Amaryllis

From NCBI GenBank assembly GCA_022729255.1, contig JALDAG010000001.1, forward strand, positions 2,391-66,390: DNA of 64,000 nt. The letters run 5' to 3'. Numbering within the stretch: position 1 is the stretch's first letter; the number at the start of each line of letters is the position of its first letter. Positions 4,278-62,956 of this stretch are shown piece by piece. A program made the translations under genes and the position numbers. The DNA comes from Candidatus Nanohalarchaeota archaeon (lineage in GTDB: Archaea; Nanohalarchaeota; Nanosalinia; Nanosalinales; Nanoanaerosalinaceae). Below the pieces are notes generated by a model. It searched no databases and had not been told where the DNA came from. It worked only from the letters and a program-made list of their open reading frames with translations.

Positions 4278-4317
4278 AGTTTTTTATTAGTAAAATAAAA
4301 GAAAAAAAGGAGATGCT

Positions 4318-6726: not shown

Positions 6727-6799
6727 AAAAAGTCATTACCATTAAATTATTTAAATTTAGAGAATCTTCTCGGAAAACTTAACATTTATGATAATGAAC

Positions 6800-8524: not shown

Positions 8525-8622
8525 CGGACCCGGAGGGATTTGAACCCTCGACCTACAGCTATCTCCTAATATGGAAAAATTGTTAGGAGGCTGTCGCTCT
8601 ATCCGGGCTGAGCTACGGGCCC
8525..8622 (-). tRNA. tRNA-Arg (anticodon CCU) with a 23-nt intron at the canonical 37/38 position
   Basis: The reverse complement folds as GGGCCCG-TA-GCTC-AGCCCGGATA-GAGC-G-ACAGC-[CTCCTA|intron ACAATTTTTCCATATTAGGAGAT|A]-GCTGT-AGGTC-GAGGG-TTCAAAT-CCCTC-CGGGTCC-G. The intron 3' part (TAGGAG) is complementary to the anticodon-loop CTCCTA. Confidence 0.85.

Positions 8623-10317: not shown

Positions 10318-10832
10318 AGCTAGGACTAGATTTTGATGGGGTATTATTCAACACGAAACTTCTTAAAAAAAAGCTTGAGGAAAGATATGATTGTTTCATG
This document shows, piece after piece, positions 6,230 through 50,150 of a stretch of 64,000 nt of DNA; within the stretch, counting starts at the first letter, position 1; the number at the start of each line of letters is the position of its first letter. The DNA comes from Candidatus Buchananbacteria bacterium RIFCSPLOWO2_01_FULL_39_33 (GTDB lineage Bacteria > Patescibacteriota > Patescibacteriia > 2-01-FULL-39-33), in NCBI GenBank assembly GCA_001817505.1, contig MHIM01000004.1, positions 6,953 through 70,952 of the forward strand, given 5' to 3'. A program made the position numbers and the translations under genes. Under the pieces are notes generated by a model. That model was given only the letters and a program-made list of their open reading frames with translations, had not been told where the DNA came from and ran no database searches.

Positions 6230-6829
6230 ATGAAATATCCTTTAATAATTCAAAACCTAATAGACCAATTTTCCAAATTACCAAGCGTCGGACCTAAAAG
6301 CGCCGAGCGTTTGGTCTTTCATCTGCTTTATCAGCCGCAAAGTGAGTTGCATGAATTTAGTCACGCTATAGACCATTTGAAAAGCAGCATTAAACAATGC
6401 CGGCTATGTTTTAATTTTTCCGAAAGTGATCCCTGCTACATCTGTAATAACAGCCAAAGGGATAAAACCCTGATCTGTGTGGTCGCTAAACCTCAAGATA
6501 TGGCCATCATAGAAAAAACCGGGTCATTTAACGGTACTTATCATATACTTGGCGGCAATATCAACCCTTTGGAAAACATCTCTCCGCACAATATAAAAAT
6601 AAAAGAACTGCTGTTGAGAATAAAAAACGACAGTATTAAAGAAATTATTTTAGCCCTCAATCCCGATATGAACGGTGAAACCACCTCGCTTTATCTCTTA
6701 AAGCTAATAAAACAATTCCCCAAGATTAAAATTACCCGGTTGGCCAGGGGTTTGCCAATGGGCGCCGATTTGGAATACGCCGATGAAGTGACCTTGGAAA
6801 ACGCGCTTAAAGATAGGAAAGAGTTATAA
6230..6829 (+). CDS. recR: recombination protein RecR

classical name). Amarylliddcea. Bulbous plants from Cape of Good Hope, flowering in late summer or in fall, the lvs. appearing later. Perianth with a short ribbed tube, the divisions oblong or lanceo late, the filaments distinct and no scales between them, fls. 5-12, in an umbel, on a tall scape. Monogr. by Her bert, Amaryllidaceae, 1837 ; and by Baker, Handbook of the Amaryllideze. In dealing with the culture of Amaryllls, it is cus tomary to speak of the genus in its horticultural sense, —to include Hippeastrum and related things. Such is the understanding in the following cultural directions. There are two widely differing methods of cultivating the Amaryllls to produce showy flowers in the spring months.— the border method and the pot method. Any one trying both of these methods will soon come to the conclusion that they difler not only in method, but in flower-producing results. The flrst method is to plant the bulbs out in a prepared border after they are done flowering, say about the middle of May. The border selected should have perfect drainage, and, if convenient, be situated on the south side of a house or wall, fully exposed to the sun during the greater part of the day. The bulbs are set out in rows, necessarily with as little disturbance of the roots as possible, because if they are bulbs which have undergone similar treat ment the previous year, by the middle of May they have made a considerable number of new roots; besides, the foliage also has gained some headway, and may be con sidered in the midst of actual growth. In planting, care fully flrm the soil around the old balls, give one water ing, and on the succeeding day, after the surface of the soil has been raked over, cover to the depth of 2 inches with half-decayed cow manure. With frequent waterings during the summer and the re moval of weeds, they will need no more at tention until the ap proach of cool weather, when they should be lifted, sized, and pot ted; however, at this season, if wet weather h a s predominated, some of the bulbs will be in a semi-dormant state, while the ma jority will yet be in active growth. Here is the drawback to this method : the roots are large and fleshy, they take up considerable room in a 6- or 7-inch pot, and the soil can not be evenly distrib uted amongst them, neither can it he made as flrm as it should be. The result is the par tial decay of the roots and leaves. and in the spring,when the flower scapes appear, they are developed at the expense of the bulb, through having insufiicient roots to take up nour ishment from the soil. The flowers which are produced are small, few in number, and do not show what the 77. Amaryllis Belladonna. Amaryllis is capable of. To partly ameliorate these con ditions, the bulbs in active growth at lifting time may be heeled-in on a greenhouse bench until they gradu ally ripen, taking care that some of the soil is retained on the roots; otherwise the ripening process is altogether too rapid, so that the roots and leaves suddenly lose their robust nature, become flabby, and eventually die. For this method, it can be said that a larger number of bulbs can be grown with less trouble than by the pot method, but neither bulbs nor flowers compare in size with those kept in pots the year round. For the purpose of simply increasing stock, the outdoor method is to be preferred. Most of the kinds are naturally evergreen; potting under those conditions is best done either after the plants have made their growth in the fall or after they have finished flowering in April. When done in the fall, they are al lowed to remain rather dry during t-he winter; this will keep the soil of the original ball in a sweet condition until the time arrives to start them into growth, which may be anywhere after the 1st of January, or even earlier if necessary. They will winter all right, and keep their foliage, in a brick frame in which the temperature is not allowed to fall below 45° F. By the beginning of February, in a structure of this sort, they will be showing flower-scapes, and should then be taken to a position where more heat and light can be given. A weak solu tion of cow-manure will much help the development of the flowers. When in bloom, a greenhouse tempera ture, with slight shade, will prolong the flowering period. After flowering, the greatest care should be taken of the plants, as it is from that period till the end of summer that the principal growth is made. A heavy loam, en riched with bone-dust and rotted cow-manure, suits them well. The seeds of Hippeastruma should be sown as soon as ripe, covered very lightly with flnely sifted leaf-mold, and if this shows a tendency to dry too quickly, cover with panes of glass until germination takes place. As soon as the flrst leaves are developed, they should be potted in the smallest sized pits and kept growing. In the propagation of varieties, it will be found that the large bulbs make two or more otfsets each season; these should not be detached until it is certain that they have enough roots of their own to start with after being separated from the parent. If a well-flowered specimen clump is desired, the oflsets may be allowed to remain attached to the parent; they will, in most cases, flower the second year under generous treatment. Amaryllis Belladonna. and the plant known as A. Iongillora (really a Crinum) are hardy in the District of Columbia; A. Iongiflora thrives even in damp, heavy soils, with no protection, and flowers abundantly each year. The seeds are about the size of a chestnut, and if not gathered as soon as ripe, they are apt to germinate on the surface of the ground during the next rainy spell succeeding the ripening. A. Belladonna needs a warm, sheltered spot, with dee/P P1“mi“l§- Cult. by G. W. Ouvna.